I can be fairly confident in saying that Loopers isn’t going to be for everyone. There’s niche and then there’s niche, if you know what I mean. A documentary about golf is one thing, but one about caddies, that’s really narrowing your audience. I mean, we’ve all heard of Tiger Woods and Arnold Palmer, right? But it’s only the hardcore golf fan that is going to know the likes of Pappy Stokes, Fluff Cowan, Bruce Edwards, Fanny Sunesson, Carl Jackson, and Steve Williams.
Outside of Golf Channel and Sky Sports Golf enthusiasts, I’m not sure who exactly this film is for. But I’m definitely one of them. I love this sport. I love playing it, I love watching it, I love watching documentaries about it. So yes, I am the target audience here. But just to sweeten the already delicious golf ball shaped pill, the film is also narrated Bill Murray. If Loopers was represented as a Venn diagram of things I love, it would be a perfect circle.
Directed by documentarian Jason Baffa, Loopers: The Caddie’s Long Walk is a breezy and inoffensive celebration of the noble art of caddying. Baffa takes us to some of the most famous links in all the world in order to delve into the history of the game and origins of the golf caddie. The old adage that a good caddie should show up, shut up, and keep up is blown out of the water.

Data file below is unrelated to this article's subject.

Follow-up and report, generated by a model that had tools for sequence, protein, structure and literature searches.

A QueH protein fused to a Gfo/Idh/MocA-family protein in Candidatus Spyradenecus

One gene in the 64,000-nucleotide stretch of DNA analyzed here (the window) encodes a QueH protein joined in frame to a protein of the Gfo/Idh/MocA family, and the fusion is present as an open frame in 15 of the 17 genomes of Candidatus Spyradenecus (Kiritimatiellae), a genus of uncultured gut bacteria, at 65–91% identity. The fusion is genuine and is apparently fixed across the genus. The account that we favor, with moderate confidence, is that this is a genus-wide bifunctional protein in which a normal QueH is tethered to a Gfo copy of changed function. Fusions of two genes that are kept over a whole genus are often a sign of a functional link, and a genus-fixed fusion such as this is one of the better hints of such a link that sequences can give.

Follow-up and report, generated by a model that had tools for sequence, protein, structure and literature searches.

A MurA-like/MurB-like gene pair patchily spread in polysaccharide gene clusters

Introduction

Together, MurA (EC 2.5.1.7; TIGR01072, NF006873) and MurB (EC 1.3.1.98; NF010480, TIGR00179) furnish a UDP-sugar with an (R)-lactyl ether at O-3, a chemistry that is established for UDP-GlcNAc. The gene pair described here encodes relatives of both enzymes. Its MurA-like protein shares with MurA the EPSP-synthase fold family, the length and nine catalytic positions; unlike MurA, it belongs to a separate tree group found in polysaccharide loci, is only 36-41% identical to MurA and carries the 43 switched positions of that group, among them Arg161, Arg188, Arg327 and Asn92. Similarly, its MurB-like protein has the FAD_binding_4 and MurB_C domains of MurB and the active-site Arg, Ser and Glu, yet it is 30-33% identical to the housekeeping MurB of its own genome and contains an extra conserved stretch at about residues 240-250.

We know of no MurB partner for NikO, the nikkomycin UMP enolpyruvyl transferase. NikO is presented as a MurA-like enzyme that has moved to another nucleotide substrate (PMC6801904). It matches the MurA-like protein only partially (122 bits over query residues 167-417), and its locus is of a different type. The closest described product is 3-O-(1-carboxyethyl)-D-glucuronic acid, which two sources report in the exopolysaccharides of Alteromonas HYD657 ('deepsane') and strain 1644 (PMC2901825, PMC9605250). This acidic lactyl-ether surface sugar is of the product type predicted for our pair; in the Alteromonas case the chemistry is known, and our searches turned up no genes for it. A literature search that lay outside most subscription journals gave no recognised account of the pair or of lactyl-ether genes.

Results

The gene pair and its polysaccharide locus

We meet some gnarly old characters, who have walked the coastal links of Scotland and Ireland for decades, and are highly sought after by the multitudes of golfing tourists. The documentary slightly overstates the value of local caddies, but they have some fun – if slightly self-aggrandising – stories to tell, and serve as a good entry point to the film.
Baffa spends a bit of time examining the social divide between the player and the caddie, and how on the course the caddie is your best pal, psychologist, teacher, father figure, and coach all rolled into one. But off the course it’s a whole different story. There’s a class divide that isn’t spoken about, and the film barely scratches the surface. Look at Augusta National, one of the most famous golf clubs in the world. For decades their policy was that caddies had to be black, and players and members could only be white.
Rather than get stuck into some of the more problematic aspects of the player-caddie relationship, Loopers moves onto the emergence of the professional caddies in the 1970s, and then runs through some of the great partnerships. We get snippets on Nick Faldo and Fanny Sunesson, Tom Watson and Bruce Edwards, Ben Crenshaw and Carl Jackson, and then of course the game changing relationship between Tiger Woods and Steve Williams.
There’s nothing revelatory here, no behind the scenes footage or fly-on-the-wall drama. It’s basically a TV special that’s been padded out to feature length. It still has its moments however. Towards the end of the film, Baffa reminds us of the incredibly emotional moment at the 2015 Masters, when Carl Jackson walked onto the 18th green to hug Ben Crenshaw as they both bowed out of the sport, and any golf fan will be in bits. I know I was.